According to a report by The Hartman Group, drugstores are now seen as a convenient shopping channel, with 24% of shopping trips described as "immediate consumption occasions." Shoppers at drugstores aren't just filling a prescription; they're also looking for food and beverages they'll likely consume within one hour of purchase. Welcome to America's new convenience store.
The days of Mom and Pop drugstores are pretty much gone. The drugstore industry is now dominated by two giants: Walgreen (NASDAQ:WBA) and CVS Caremark (NYSE:CVS). These two titans have more than 16,000 stores between them. Meanwhile, Rite Aid (NYSE:RAD) trails as a distant third.
Walgreen takes the high road
For Walgreen, it's been a long journey forward since Charles R. Walgreen opened a neighborhood drugstore in 1901, measuring a mere 50 feet by 20 feet. The company has now become the pharmacy that its competitors are measured by.
Part of this possibly has to do with the company's efforts to live by the adage of "doing well by doing good." As such, they are one of America's most respected corporations.
The company has made a serious commitment to diversity & inclusion, especially in its efforts to include employees with disabilities. Walgreen determined in 2012 that they would have employees with disabilities make up 10% of its distribution center workforce and established a pilot program that began in Texas and is currently in place in Dallas, Houston, Chicago and New York, as well as parts of Wisconsin and Connecticut.
The company also has ramped up its commitment to being eco-friendly. The retail giant has adopted an overall sustainability plan to reduce energy use by 20% by 2020 across all of its stores. This led to the construction of their Evanston, Illinois store, a "net zero" building that utilizes a number of sustainable strategies. This makes it the first dedicated retail space in the country that generates all of its energy on-site. Some of the combined technologies include solar panels and wind turbines, as well as the use of geothermal energy and LED lighting.
Walgreen reported November sales of $6.07 billion, an increase of 4.1% from $5.83 billion for the same month in fiscal 2013. Total front-end sales increased 3.2% compared with the same month in fiscal 2013, while comparable store front-end sales increased 1.9%. Customer traffic in comparable stores increased 0.8%, while basket size increased 1.1%. The company attributes the increase versus prior quarters to its promotional investment.
CVS Caremark needs to try harder
CVS Caremark might be in second place as far as size (they have 7,505 stores compared to Walgreen's 8,500+), but their growth has been steady since 1985. Revenues back then were about $1 billion. In 2012, they were $123 billion. Their ascent upward has been helped through the acquisition process, as CVS Caremark took over chains like Long Drugs, Sav-On and Osco and Eckerd stores.
2013 was a positive year for the company. While there were a few bumps in the road early in the year on the investment front, mainly due to having to delay share buybacks during a settlement negotiation with the Securities & Exchange Commission over how it disclosed sales of securities by employees, earnings were fine and came in ahead of Wall Street's expectations.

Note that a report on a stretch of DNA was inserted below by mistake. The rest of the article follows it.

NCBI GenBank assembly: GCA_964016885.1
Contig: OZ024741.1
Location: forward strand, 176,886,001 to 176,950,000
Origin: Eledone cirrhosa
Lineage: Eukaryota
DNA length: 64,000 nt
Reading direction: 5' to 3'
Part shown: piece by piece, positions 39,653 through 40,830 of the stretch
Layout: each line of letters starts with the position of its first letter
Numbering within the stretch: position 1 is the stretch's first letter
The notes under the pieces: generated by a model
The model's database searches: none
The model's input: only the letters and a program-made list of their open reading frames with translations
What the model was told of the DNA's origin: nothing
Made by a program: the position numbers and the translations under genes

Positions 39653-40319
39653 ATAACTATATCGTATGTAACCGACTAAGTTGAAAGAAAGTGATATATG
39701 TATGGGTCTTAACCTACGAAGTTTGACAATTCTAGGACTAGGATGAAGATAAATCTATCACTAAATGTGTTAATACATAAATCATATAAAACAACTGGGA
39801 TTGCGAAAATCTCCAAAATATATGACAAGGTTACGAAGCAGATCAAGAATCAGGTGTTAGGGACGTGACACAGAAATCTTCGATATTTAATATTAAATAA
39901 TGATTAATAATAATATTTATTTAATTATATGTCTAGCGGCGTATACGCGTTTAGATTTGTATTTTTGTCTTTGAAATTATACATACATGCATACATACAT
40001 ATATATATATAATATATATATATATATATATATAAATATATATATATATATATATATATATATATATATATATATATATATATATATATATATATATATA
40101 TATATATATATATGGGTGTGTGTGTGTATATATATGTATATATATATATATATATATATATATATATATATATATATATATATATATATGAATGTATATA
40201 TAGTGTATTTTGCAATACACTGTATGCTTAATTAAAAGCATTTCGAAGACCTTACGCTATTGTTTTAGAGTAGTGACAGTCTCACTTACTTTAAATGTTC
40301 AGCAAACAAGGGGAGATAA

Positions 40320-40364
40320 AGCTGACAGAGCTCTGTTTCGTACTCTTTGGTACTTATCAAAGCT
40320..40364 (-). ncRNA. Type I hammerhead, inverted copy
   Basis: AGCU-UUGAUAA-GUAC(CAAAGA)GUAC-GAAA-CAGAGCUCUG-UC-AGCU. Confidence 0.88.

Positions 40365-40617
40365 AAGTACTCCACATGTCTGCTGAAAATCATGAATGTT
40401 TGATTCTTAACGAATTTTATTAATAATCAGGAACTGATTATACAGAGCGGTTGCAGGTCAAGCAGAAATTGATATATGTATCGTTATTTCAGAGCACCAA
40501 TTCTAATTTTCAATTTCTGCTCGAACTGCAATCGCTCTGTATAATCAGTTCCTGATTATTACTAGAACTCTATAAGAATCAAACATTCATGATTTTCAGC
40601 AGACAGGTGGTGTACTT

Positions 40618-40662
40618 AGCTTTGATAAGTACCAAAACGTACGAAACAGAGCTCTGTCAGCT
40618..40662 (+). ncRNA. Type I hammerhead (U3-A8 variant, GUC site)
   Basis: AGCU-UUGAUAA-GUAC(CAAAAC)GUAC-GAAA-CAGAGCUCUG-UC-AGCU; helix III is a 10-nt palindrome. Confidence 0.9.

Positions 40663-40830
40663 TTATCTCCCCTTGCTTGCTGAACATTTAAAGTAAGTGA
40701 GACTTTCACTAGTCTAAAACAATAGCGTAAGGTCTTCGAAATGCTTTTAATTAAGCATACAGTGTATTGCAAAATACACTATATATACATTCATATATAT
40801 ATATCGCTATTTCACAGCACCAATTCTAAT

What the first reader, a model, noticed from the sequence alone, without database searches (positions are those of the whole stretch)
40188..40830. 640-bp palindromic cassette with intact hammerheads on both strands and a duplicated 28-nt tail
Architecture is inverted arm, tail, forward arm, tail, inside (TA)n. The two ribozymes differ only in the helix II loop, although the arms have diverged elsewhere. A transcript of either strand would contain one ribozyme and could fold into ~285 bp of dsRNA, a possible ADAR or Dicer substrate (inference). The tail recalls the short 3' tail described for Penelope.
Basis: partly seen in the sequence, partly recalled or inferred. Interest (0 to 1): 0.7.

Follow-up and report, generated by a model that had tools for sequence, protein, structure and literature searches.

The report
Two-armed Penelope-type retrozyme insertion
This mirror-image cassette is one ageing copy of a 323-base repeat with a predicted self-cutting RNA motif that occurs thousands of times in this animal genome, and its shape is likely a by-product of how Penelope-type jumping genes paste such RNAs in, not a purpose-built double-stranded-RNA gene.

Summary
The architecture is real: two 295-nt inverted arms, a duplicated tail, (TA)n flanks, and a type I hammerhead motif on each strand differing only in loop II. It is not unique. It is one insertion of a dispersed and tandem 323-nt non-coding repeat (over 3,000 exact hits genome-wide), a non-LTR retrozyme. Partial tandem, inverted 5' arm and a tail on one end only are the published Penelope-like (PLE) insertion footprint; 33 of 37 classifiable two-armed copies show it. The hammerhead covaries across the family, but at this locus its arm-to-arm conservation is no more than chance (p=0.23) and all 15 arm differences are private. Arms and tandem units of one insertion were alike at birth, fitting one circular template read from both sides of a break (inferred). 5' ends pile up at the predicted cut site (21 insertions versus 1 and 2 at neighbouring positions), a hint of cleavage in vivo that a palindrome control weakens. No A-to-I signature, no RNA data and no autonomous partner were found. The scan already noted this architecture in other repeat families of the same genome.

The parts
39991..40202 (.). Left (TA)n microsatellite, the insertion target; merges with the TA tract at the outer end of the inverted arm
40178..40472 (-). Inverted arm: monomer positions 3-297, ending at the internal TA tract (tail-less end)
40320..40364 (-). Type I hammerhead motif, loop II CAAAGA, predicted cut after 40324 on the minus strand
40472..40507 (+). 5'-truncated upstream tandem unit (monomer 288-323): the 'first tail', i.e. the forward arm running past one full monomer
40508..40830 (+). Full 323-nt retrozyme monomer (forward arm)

Rite Aid's stock price rallies
It's tough being a distant third in anything, and that's Rite Aid's slot in the chain drugstore market. They trail CVS Caremark and Walgreen in store numbers, with a mere 4,623, compared to more than 16,000 locations combined by those two industry giants.
While it might be tempting to overlook Rite Aid as an investment, recent stock performance indicates that the company might be worth taking a second look at. Rite Aid's stock has been trending upward, hitting new highs in early December. Over the last month, the company's shares have surged 15.94%, and 72.60% in the previous three months, outperforming the S&P 500, which gained 1.90% and 9.48% during the respective periods. There is anticipation for the company's third quarter results, which will be released on Dec. 19. Analysts will be watching to see if the trend upward in quarterly profits over the past year, due in part to its loyalty program and renovations that have expanded clinical-pharmacy services and health and wellness products, continues.
What's next for drugstores?
As the debate about health care rages, especially the implementation of Obamacare, analysts estimate this could add to pharmacy sales. Pharmacies have been actively touting the benefits and educating consumers about the Affordable Care Act. Of course, slow enrollment and the roll out of the legislation may end up negating any financial gains for the industry.
Still, drugstores continue to be an important focus for consumers. They also are worthy of an investor's attention, especially these three key industry players.
Fool contributor Jim Baumer has no position in any stocks mentioned. The Motley Fool has no position in any of the stocks mentioned. Try any of our Foolish newsletter services free for 30 days. We Fools may not all hold the same opinions, but we all believe that considering a diverse range of insights makes us better investors. The Motley Fool has a disclosure policy.